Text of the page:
Second verse, same as the first: The cooking method -- low sodium chicken broth; cholesterol-free canola oil with seasonings; or "the favorite," chicken broth with Burgundy, garlic, mushrooms, and assorted vegetables -- must be unanimously selected. We steered clear of the healthier choices, relying on the so-called French paradox (wine negates cholesterol) to keep us in shape, and went for "the favorite." Once the liquid is heated to a sufficient cooking temperature, the server brings out a triple tier of meats, fresh plates and fondue forks, and a timer, along with a little advice: Cook beef and shrimp for about 40 seconds, but make sure to use the three-minute timer for the chicken. Never put a "spork" in your mouth; put cooked food first on your plate to cut back on both burns and germs. And be generous with the sauces: mango barbecue for the chicken, béarnaise and Chantilly for the meats, stone crab and cocktail for the shrimp.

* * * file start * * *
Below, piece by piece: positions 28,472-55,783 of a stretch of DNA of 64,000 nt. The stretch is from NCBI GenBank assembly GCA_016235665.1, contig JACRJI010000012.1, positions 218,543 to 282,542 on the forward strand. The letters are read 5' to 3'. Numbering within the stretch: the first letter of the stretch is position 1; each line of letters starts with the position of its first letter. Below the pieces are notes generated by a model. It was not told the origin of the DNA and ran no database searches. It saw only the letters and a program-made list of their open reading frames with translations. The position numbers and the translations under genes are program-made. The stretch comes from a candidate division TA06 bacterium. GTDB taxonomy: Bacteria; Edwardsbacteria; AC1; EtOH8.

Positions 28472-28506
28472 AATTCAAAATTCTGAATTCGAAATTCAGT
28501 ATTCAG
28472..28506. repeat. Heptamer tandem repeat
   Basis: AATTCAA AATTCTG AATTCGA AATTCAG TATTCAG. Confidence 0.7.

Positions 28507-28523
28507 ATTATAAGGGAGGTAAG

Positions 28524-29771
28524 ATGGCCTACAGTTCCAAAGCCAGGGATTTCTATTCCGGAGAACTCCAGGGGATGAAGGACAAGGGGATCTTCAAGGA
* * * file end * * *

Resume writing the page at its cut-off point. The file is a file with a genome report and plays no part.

We found everything from meat to condiment to be high in quality and flavor. Some of us quibbled over quantity, but Fúsha isn't a steak house. Don't expect to walk away overstuffed as a potato. If you're still hungry after the main course (there are no starchy side dishes, FYI), salivate over the desserts, all of which are fondues -- Amaretto dream, coconut rum, chocolate mint, caramel apple -- served with strawberries, grapes, succulent angel food cake, and the gooiest brownies, topped with marshmallows, that I've had in quite a while. We adored the espresso double chocolate fondue, which contained the perfect touch of bitterness, but found the white chocolate-raspberry swirl concoction to be a little on the thick side.
A puff or two on the hookah caps the evening, even if you're not a smoker -- the fruit-laced tobaccos are so mild you don't even feel a burning in your lungs. Of course, that disappointed one member of my party, who insisted on calling the server packing and lighting the hookah "Spicoli" and wanted to know where Fúsha was keeping the "real stuff." To that end, at least, I would imagine that no one would mind assessing the best that California has to offer.